|ISO Setting||200 - 6,400 ISO||200 - 12,800 ISO|
|ISO Boost||100 - 51,200 ISO||no Enhancement|
|Image Processor||EXR Processor II||TruePic VI|
|DXO Sensor Quality (score)||..||51|
|DXO Color Depth (bits)||..||20.8|
|DXO Dynamic Range (EV)||..||10.1|
|DXO Low Light (ISO)||..||536|
|Screen Specs||Fujifilm X-T10||Olympus E-P3|
|Viewfinder Type||Electronic viewfinder||Viewfinder optional|
|Viewfinder Field of View||100%|
|Viewfinder Resolution||2360k dots|
|LCD Framing||Live View||Live View|
|Rear LCD Size||3.0inch||3.0inch|
|LCD Resolution||920k dots||614k dots|
|LCD Attachment||Tilting screen||Fixed screen|
|Touch Input||no Touchscreen||Touchscreen|
|Shooting Specs||Fujifilm X-T10||Olympus E-P3|
|Focus System||On-Sensor Phase-detect||Contrast-detect AF|
|Manual Focusing Aid||Focus Peaking||no Peaking Feature|
|Continuous Shooting||8 shutter flaps/s||3 shutter flaps/s|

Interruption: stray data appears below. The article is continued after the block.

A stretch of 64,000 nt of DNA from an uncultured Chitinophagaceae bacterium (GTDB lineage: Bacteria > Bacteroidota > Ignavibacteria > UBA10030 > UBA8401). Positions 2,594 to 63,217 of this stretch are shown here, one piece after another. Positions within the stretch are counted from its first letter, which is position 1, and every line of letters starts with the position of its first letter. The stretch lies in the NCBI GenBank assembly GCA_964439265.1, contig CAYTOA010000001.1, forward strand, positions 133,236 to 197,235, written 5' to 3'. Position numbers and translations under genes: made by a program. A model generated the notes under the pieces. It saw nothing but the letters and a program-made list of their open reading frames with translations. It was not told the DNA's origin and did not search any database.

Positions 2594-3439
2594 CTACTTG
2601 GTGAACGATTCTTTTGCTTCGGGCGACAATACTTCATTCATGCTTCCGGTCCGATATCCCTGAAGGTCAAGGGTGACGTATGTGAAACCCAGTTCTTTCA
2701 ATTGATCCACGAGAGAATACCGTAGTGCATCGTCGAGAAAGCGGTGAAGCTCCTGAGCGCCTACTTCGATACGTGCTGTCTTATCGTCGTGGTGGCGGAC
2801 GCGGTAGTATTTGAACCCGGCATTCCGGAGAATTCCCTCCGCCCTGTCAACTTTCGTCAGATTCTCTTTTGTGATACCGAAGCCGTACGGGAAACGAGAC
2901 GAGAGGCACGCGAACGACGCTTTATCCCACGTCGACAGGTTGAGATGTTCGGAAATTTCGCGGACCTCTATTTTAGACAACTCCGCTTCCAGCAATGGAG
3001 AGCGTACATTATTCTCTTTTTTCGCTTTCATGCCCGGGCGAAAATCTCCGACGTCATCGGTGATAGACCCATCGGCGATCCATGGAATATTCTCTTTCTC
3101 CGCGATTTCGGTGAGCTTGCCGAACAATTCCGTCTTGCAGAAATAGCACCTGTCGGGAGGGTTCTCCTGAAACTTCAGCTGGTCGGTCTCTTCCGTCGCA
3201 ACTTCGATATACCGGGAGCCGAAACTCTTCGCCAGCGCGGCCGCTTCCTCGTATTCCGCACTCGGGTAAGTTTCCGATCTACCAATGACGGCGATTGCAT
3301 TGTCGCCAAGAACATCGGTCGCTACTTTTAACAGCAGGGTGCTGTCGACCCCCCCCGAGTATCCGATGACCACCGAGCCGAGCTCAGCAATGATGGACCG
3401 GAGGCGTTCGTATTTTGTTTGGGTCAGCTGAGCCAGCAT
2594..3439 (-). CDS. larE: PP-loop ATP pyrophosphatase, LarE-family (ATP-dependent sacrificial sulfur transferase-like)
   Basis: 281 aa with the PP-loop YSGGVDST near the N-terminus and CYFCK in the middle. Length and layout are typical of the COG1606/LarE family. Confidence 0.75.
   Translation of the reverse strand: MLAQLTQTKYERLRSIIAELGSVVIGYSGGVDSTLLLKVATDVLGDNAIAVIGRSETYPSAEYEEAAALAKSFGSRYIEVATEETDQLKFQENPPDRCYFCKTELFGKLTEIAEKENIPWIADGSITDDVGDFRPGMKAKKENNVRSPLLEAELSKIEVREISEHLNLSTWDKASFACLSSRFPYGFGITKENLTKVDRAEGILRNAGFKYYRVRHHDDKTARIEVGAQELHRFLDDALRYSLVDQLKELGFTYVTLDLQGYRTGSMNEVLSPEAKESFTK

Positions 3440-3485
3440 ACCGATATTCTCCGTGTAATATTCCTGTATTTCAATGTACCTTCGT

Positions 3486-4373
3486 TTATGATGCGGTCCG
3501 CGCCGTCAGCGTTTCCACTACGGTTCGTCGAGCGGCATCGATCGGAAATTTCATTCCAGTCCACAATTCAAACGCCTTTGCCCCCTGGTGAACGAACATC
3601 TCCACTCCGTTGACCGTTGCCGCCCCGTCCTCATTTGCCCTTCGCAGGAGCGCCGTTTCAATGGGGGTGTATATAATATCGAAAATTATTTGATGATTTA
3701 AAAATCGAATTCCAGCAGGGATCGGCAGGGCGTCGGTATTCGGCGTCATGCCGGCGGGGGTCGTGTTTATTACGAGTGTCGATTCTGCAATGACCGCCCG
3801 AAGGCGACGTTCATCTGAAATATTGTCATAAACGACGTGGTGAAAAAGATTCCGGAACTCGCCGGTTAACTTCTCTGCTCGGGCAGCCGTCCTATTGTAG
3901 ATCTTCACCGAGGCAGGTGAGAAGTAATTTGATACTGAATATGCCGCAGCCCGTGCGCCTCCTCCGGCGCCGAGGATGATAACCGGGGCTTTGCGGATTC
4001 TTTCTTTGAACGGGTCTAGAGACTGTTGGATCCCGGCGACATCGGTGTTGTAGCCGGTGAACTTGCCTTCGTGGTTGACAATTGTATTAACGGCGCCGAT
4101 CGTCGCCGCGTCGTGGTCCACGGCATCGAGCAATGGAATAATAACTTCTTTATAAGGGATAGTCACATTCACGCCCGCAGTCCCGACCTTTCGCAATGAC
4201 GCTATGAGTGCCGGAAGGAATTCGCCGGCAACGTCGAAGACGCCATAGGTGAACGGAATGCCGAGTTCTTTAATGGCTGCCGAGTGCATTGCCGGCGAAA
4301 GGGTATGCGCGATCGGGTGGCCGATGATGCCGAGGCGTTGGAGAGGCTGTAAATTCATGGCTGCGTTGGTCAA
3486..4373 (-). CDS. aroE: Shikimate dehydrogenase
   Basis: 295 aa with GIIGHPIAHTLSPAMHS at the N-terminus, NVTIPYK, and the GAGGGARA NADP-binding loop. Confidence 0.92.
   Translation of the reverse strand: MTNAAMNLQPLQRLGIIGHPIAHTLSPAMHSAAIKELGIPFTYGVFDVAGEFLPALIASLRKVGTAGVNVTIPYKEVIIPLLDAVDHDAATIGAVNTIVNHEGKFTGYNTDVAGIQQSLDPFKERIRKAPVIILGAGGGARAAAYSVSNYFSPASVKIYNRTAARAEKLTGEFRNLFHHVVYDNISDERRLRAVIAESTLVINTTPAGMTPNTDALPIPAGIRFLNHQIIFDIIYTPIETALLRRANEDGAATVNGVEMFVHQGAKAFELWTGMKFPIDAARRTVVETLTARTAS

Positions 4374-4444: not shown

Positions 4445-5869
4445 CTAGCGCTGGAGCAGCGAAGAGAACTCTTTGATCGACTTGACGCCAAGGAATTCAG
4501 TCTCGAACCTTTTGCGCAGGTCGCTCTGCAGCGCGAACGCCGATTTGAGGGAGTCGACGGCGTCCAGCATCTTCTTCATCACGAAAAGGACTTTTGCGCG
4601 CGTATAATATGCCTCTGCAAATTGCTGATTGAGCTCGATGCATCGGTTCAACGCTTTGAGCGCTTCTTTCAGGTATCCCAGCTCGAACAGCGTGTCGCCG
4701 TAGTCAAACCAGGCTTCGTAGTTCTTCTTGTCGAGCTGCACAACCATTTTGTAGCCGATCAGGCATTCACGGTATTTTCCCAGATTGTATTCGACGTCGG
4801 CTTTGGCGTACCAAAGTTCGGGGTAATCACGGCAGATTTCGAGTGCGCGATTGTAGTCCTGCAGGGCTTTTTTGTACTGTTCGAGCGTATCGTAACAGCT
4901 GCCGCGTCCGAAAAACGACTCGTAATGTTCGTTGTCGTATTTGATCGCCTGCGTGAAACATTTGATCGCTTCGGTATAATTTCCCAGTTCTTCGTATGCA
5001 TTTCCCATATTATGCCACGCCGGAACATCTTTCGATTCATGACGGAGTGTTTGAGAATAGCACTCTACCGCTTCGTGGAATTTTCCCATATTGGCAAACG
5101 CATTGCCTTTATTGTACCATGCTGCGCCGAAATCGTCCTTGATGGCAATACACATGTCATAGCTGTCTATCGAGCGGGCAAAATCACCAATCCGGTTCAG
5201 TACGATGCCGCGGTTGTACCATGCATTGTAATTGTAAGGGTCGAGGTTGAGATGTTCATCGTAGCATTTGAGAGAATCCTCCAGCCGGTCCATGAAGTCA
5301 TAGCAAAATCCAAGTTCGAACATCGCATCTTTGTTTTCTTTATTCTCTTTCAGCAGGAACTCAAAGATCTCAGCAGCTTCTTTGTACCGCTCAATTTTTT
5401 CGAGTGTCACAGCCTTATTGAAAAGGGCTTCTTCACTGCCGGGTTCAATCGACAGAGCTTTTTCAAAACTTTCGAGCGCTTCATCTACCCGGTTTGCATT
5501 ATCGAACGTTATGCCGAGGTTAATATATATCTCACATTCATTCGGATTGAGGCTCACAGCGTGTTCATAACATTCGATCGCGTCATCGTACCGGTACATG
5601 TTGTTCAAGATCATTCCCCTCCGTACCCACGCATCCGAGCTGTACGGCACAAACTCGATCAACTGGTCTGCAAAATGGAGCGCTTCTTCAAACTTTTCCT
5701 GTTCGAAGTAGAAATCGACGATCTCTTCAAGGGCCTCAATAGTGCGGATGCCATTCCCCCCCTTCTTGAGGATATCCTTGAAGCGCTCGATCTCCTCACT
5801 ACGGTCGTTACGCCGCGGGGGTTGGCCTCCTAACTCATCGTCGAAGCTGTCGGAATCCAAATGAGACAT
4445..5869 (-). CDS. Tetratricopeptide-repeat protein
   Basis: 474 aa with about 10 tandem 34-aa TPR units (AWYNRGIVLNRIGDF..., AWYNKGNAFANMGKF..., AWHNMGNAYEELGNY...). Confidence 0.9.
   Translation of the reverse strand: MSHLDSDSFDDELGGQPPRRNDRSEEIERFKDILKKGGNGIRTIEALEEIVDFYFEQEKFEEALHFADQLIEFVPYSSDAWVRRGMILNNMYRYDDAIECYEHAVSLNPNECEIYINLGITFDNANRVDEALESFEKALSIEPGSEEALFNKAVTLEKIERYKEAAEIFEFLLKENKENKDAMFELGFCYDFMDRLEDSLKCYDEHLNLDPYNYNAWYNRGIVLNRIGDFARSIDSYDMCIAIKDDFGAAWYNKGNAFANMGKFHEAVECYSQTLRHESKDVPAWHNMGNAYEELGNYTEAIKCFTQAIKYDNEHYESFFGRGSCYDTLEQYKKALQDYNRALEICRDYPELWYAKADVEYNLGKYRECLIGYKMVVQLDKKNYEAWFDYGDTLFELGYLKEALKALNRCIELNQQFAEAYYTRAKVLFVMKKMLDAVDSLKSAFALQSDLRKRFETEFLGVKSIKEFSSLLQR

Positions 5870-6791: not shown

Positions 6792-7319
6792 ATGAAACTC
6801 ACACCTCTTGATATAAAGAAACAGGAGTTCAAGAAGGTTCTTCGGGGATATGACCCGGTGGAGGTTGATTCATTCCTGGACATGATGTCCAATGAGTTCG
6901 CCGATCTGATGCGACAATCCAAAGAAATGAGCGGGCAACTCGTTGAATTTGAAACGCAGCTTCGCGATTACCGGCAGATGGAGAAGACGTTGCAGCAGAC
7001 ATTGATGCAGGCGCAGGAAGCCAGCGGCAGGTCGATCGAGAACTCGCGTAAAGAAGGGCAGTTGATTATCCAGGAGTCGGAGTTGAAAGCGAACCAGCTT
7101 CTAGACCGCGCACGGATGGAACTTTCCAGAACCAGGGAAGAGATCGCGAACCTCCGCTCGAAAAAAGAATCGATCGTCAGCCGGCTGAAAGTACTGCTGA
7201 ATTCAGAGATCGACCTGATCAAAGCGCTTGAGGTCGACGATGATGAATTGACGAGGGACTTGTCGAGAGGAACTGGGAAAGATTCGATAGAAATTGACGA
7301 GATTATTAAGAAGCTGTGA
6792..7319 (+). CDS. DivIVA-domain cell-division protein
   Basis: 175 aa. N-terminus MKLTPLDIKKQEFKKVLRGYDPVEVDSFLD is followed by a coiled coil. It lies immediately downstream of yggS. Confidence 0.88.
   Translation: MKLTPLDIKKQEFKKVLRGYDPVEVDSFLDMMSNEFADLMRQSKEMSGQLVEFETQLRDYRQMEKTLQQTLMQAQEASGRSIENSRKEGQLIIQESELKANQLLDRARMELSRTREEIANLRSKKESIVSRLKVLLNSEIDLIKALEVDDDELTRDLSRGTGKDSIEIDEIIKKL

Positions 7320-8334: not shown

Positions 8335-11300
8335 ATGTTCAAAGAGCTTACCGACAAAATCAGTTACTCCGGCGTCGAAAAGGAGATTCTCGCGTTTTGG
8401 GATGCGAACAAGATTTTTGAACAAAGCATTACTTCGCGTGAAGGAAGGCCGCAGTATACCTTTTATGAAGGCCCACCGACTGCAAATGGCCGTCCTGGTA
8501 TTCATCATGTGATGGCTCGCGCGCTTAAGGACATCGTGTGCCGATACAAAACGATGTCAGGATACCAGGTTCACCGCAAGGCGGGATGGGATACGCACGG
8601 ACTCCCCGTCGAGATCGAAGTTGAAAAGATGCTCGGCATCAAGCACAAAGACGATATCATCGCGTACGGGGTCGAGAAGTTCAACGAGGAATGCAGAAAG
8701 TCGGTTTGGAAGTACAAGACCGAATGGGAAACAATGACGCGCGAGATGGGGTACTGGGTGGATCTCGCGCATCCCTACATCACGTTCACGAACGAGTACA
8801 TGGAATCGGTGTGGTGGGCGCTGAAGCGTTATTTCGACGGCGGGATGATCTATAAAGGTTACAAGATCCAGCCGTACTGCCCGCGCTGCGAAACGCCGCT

|Time-Lapse Photography||Intervalometer built-in||no Intervalometer|
|Image Stabilization||Lens stabilization only||In-body stabilization|
|Fill Flash||Build-in Flash||Build-in Flash|
|Storage Medium||SDXC cards||SDXC cards|
|Second Storage Option||Single card slot||Single card slot|
|UHS card support||UHS-I||UHS-I|
|Connectivity Specs||Fujifilm X-T10||Olympus E-P3|
|USB Connector||USB 2.0||USB 2.0|
|HDMI Port||micro HDMI||mini HDMI|
|Microphone Port||External MIC port||no MIC socket|
|Wifi Support||Wifi built-in||no Wifi|
|Body Specs||Fujifilm X-T10||Olympus E-P3|
|Battery Life (CIPA)||350 shots per charge||330 shots per charge|
118 x 83 x 41 mm
(4.6 x 3.3 x 1.6 in)
122 x 69 x 34 mm
(4.8 x 2.7 x 1.3 in)
|Camera Weight||381 g (13.4 oz)||369 g (13.0 oz)|